Honouring my Mother on this day of her Birth

Posted by on Dec 5, 2019 in Writings

Honouring my Mother on this day of her Birth

My mother is an obvious connector to birth for me – she birthed me after all. But the imprint my mother left me with around birth runs deeper than that. And today, 69 years since she was born at home in Athlone, and 12 years since she died in a car accident, I would like to honour her and the deep lessons of birth she imprinted in me.

My mothers’ own birth story sounds like something from a Gabriel Garcia Marquez novel. She was born at home in Athlone, on a hot windy Cape Town day, the second child to my grandparents. While my grandmother sweated and grunted and birthed the large round baby that was my mother, across the street, a house burnt to the ground, consuming not only the entire house but a woman inside it too.

Birth and death in the same street on the same day.

Because she was born so close to Christmas, she was named Carol. A huge relief to my mother when she found out that that the alternative had been Julie.

The Little Green Statue my mother clutched while she birthed me

After generations of birthing their babies at home, my mother was the first in our maternal lineage to birth in a hospital. She wanted to birth at home but she was far from home, a single pregnant woman living in a communal house in Switzerland. She wanted to birth at the communal house but the man whose house it was, stamped his feet and proclaimed that under no circumstances would that African girl squat down and birth in his house. She was too far from the alternative midwife run birth centre she felt would be a good alternative and so some friends chipped in to pay for the nearby and very exclusive Stefanshorn hospital where my mother was induced a week before my/her due date. She was left to labour on her own, on her back with a fetal monitor strapped to her. She held onto the little verdite statue, a bust of an African woman she had been gifted back in South Africa by a grateful woman when she was a rape counsellor. This little statue was her doula, her birth companion, her connector, back to South Africa, as she birthed me far away from home.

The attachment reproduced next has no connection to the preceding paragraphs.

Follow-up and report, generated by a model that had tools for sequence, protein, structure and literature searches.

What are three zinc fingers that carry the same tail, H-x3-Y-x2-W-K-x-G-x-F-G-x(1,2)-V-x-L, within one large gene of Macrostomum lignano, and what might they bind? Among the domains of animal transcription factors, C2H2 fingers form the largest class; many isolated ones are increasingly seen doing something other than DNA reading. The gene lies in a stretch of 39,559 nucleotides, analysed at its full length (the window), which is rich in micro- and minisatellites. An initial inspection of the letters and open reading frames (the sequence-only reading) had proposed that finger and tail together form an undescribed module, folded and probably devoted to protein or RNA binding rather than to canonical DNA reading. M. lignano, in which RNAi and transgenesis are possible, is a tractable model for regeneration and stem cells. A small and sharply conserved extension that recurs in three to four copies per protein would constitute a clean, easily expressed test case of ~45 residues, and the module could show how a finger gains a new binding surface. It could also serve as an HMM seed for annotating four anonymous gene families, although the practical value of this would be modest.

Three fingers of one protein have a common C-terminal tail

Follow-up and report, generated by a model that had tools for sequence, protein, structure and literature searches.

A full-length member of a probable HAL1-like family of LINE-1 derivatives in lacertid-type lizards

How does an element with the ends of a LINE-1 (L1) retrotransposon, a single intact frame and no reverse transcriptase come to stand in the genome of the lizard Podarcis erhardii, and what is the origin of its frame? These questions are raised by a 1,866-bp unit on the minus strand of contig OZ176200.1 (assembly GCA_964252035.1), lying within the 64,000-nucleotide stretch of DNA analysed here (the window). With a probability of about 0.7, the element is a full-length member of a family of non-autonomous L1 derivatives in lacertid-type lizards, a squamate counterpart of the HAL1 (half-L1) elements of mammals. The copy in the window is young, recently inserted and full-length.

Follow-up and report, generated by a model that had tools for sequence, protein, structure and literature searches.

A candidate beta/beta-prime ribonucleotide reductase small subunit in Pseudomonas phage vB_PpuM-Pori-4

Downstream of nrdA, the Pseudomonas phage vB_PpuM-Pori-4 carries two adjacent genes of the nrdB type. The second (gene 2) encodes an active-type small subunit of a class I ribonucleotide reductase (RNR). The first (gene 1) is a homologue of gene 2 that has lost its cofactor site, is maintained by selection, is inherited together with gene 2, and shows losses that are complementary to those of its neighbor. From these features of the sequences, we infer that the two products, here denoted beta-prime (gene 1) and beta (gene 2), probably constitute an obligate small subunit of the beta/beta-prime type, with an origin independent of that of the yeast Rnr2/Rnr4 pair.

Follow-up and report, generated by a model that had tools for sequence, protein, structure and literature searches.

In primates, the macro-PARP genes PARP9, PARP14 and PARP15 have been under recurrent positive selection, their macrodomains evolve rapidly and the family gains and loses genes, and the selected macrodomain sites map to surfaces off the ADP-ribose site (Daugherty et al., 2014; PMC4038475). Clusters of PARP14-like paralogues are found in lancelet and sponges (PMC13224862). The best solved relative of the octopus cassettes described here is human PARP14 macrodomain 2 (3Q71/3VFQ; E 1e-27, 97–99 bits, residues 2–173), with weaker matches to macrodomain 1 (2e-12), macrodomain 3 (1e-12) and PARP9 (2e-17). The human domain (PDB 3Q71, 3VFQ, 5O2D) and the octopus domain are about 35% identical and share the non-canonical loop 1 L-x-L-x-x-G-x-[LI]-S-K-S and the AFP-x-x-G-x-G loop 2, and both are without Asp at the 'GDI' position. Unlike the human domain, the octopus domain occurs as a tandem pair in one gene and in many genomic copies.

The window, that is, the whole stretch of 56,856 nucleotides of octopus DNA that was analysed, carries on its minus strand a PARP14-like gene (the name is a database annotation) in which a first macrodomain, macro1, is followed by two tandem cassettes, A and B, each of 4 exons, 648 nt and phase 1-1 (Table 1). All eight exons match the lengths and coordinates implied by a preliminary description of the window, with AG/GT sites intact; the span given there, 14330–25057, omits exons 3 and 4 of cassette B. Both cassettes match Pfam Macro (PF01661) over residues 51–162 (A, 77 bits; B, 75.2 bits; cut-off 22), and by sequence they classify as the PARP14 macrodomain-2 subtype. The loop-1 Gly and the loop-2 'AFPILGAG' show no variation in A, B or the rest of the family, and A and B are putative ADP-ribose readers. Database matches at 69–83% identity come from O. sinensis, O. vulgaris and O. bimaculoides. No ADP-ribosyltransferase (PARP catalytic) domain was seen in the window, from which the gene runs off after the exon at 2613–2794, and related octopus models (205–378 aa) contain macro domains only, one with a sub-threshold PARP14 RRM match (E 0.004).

My sister’s birth 3 years later, was a planned home birth in Bern, the birthing pool set up in the lounge. but my sister decided to trigger her labour early and emerged on Easter Sunday while the midwife was away on holiday. So we drove with my mother’s friend to the hospital and I remember sitting on my haunches, colouring in at a low table, while my mother laboured and birthed in the next room. I was expecting a little brother called Michael. I had been singing to him for months and was surprised when I was introduced to a little sister called Kate.

Six years later, we were living back in South Africa, this time on a farm an hour outside of Ceres and we had to do the long three-hour drive to Mowbray Maternity hospital so that my mother could birth my little sister Gypsy.

For my sister Jasmin’s birth, I was at school. It was 1991 and what had once been the ‘whites-only’ part of the local Ceres hospital, had recently been opened for all South Africans to use. Jasmin’s claim to fame is being the first coloured child born in that section of the hospital. My mother said she slipped out like a bar of soap.

Living rurally, we lived far from hospitals and so, one night, my mother ended up catching the baby of one of the farm women who had refused the offer of transport to the local hospital.

(You can read that full birth story here.)

After that birth, all the women refused to go to the hospital, trusting what they called my mother’s healing hands to catch their babies. My mother had never trained as a midwife; she had a background in psychology and had recently made the transition to becoming a farmer.

But they say midwifery is a calling and it sure as hell called her!

I call her the accidental midwife.

Honestly, growing up, I saw this catching of babies more as an irritating hobby.

I see now, that growing up around pregnant bellies and suckling infants, my mother disappearing in the night while we were asleep (a bit like Father Christmas really), and then serving us freshly baked bread for breakfast bleary eye (when did she find the time to still bake bread?!), left an unconscious imprint in me that pregnancy and birth were normal, that it usually happened in the middle of the night and that life went on…

So it was only normal and natural that when I fell pregnant at 20, that my mother would attend my birth. At the time, I lived on another farm around 2 hours from her and she travelled the distance to sit quietly with me while I moaned and complained my way through labour.

My mother was the first person to touch her grandson.

My first birth instilled in me a deep sense of trust in the birthing process and I am forever grateful to my mother’s quiet and solid presence throughout. I also finally woke up to what my mother had been doing all these years for the women on our farm – what had seemed like an irritating hobby suddenly became the coolest job on the planet.

Is that what’s she’s been doing all these years? I wanna do that!

(You can read my first birth story here.)

My mother played more of a background figure at my next two births, taking care of my children while I laboured and birthed. By the time I gave birth the fourth time, she had passed away.

My mother wasn’t physically around when I finally officially began my midwifery apprenticeship journey after my youngest was born. But I like to think she has been with me every step of the way.

And I like to think she is proud.